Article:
Storytelling that combined the social with the political gathered momentum during the late-Fifties, as filmmakers struck a chord with the audiences by portraying burning issues such as unemployment and industrialisation. Raj Kapoor's 'Jagte Raho' showcased a villager's tryst with city life; 'Naya Daur', released in 1957 and starring Dilip Kumar, made cinematic history grossing net earnings of Rs 2,25,00,000.

Of course, this fare was not just strong on social messages; its entertainment quotient was high, too. "Initial films like Bimal Roy's 'Do Bheega Zameen', which had a socialist theme, gained an iconic status. Later, 'Hare Rama Hare Krishna', 'Prem Rog', 'Bombay', 'Taare Zameen Par' and 'Pipli Live' created awareness about socially relevant issues. Some of these films have been taken seriously and one saw public debate, legislations and positive response from their government after their release," observes Thakur.

Today, socio-political films have been striking a dialogue with diverse audiences through new media platforms like Facebook, Twitter and blogs. Facebook unveiled the plot of Sujoy Ghosh's 'Kahaani', a film that explored feminism and motherhood in a male-dominated society. The 2011 film, 'No One Killed Jessica' took a social stance by creating a mobile app for women to dial up and report against harassment. Movie-lovers have raised a toast to the new crop of social films like 'Black', 'Page 3' and 'Jail' as well.

Regional fare has added to the repertoire. Bengali greats such as Satyajit Ray, Mrinal Sen and Ritwik Ghatak have sensitively captured poverty and pathos on camera, while Malayalam filmmakers have explored pre-marital and later extra marital relationships. Over the years, this trend has carried on.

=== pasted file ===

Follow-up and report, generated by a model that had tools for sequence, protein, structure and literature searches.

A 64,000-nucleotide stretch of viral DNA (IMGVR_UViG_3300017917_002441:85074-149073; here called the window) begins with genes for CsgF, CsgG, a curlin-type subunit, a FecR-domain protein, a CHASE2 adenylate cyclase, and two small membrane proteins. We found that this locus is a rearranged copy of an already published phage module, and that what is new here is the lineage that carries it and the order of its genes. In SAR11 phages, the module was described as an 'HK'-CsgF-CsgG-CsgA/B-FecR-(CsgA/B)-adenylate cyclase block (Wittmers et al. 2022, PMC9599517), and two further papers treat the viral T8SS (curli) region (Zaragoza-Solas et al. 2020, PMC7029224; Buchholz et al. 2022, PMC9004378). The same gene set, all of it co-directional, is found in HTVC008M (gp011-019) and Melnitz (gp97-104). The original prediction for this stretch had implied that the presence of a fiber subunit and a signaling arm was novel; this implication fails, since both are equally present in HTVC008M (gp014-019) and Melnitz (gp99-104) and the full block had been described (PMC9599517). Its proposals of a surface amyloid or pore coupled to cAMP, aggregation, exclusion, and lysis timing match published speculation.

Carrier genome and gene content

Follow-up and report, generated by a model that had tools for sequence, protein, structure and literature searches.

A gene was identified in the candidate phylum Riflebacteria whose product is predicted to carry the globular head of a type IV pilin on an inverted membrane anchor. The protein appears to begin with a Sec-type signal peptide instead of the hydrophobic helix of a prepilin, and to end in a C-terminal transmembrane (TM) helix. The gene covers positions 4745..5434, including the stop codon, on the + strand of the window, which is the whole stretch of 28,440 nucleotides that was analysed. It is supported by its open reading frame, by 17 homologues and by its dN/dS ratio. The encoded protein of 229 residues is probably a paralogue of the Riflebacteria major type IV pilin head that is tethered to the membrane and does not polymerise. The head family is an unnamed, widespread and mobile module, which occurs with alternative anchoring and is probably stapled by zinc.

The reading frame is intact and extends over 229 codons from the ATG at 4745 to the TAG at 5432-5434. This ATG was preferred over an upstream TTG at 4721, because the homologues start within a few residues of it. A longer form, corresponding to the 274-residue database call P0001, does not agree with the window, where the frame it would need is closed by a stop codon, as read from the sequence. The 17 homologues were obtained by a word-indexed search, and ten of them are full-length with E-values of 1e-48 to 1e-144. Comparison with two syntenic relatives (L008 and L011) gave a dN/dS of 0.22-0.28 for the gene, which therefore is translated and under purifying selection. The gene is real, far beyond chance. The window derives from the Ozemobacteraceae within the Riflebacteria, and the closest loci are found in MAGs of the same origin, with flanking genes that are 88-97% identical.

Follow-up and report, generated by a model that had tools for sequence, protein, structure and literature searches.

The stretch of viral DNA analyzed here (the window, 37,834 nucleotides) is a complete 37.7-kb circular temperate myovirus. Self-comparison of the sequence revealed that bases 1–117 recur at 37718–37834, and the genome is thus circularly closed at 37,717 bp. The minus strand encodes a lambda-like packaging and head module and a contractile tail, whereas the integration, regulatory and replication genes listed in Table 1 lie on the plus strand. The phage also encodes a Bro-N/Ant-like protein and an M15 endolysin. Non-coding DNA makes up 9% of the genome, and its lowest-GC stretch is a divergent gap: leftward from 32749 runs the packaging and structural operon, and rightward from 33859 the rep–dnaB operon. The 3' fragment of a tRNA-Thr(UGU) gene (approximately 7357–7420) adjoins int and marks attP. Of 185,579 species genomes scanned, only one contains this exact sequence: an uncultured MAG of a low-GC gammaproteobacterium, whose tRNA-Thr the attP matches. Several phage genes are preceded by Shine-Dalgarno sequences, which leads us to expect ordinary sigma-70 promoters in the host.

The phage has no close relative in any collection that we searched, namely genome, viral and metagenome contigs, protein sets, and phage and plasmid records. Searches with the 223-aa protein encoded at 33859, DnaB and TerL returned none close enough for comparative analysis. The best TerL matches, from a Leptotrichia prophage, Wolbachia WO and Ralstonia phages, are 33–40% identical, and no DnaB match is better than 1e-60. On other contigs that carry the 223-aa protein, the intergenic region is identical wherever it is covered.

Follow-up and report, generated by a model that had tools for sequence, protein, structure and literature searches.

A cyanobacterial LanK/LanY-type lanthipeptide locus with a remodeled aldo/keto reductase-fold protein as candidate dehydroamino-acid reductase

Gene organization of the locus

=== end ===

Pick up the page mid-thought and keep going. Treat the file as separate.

Kavitha Lankesh's Kannada 2003 film, 'Preethi Prema Pranaya', told the audience that there was nothing wrong with a lonely middle-aged widow looking for companionship. There were no 'bold' scenes, but the idea itself was previously unexplored in Kannada cinema. The film won the National Award for the Best Regional Film. Commenting on the success of her film, Lankesh says, "Times have changed; people have less patience and no time for sermons. A film needs to strike the right chord with the viewers." The 2010 Telugu film, 'Yem Maaya Chesaave' did just that, tackling the age difference between the lead pair with the help of a convincing screenplay. The heroine was older than the hero, a fact that is not uncommon in contemporary times.

Once again, well-written and composed songs played their part in sentising people to their larger social realities. Says Anantharaman, "Socially relevant songs have shaken us out of our prejudices." From 'Dil ka haal sune dilwala' and 'Saathi haath badhana' with their socialist leanings to 'Aurat ne janam diyan mardon ko' from the 1958 movie, 'Sadhna', that became notable as it outlined the pathos of a woman's situation in a man's world, to 'Aali Re' (2011) and 'Gustakh Dil' (2012) that have given voice to the emotions and struggles of the modern woman, different decades have given songs that challenge the existing social order.

Importantly, within the socio-political genre, gender issues have always registered their presence. Caste and gender were central to films like 'Achhoot Kanya' (1936), 'Aurat' (1953) and 'Sujata' (1959). While 'Achhoot Kanya', a Bombay Talkies production, was a sensitive tale of a Dalit girl, cine-goers were treated to romance between a Brahmin and an untouchable woman in 'Sujata'. More recently, 'English Vinglish' (2012) showed one woman's journey of self-discovery.

It's a moment of truth: after 10 decades, social and political themes continue to have a successful and uninterrupted relationship with audiences. Today, of course, it comes with a young, international flavour.

(© Women's Feature Service)

News Updated at : Sunday, July 21, 2013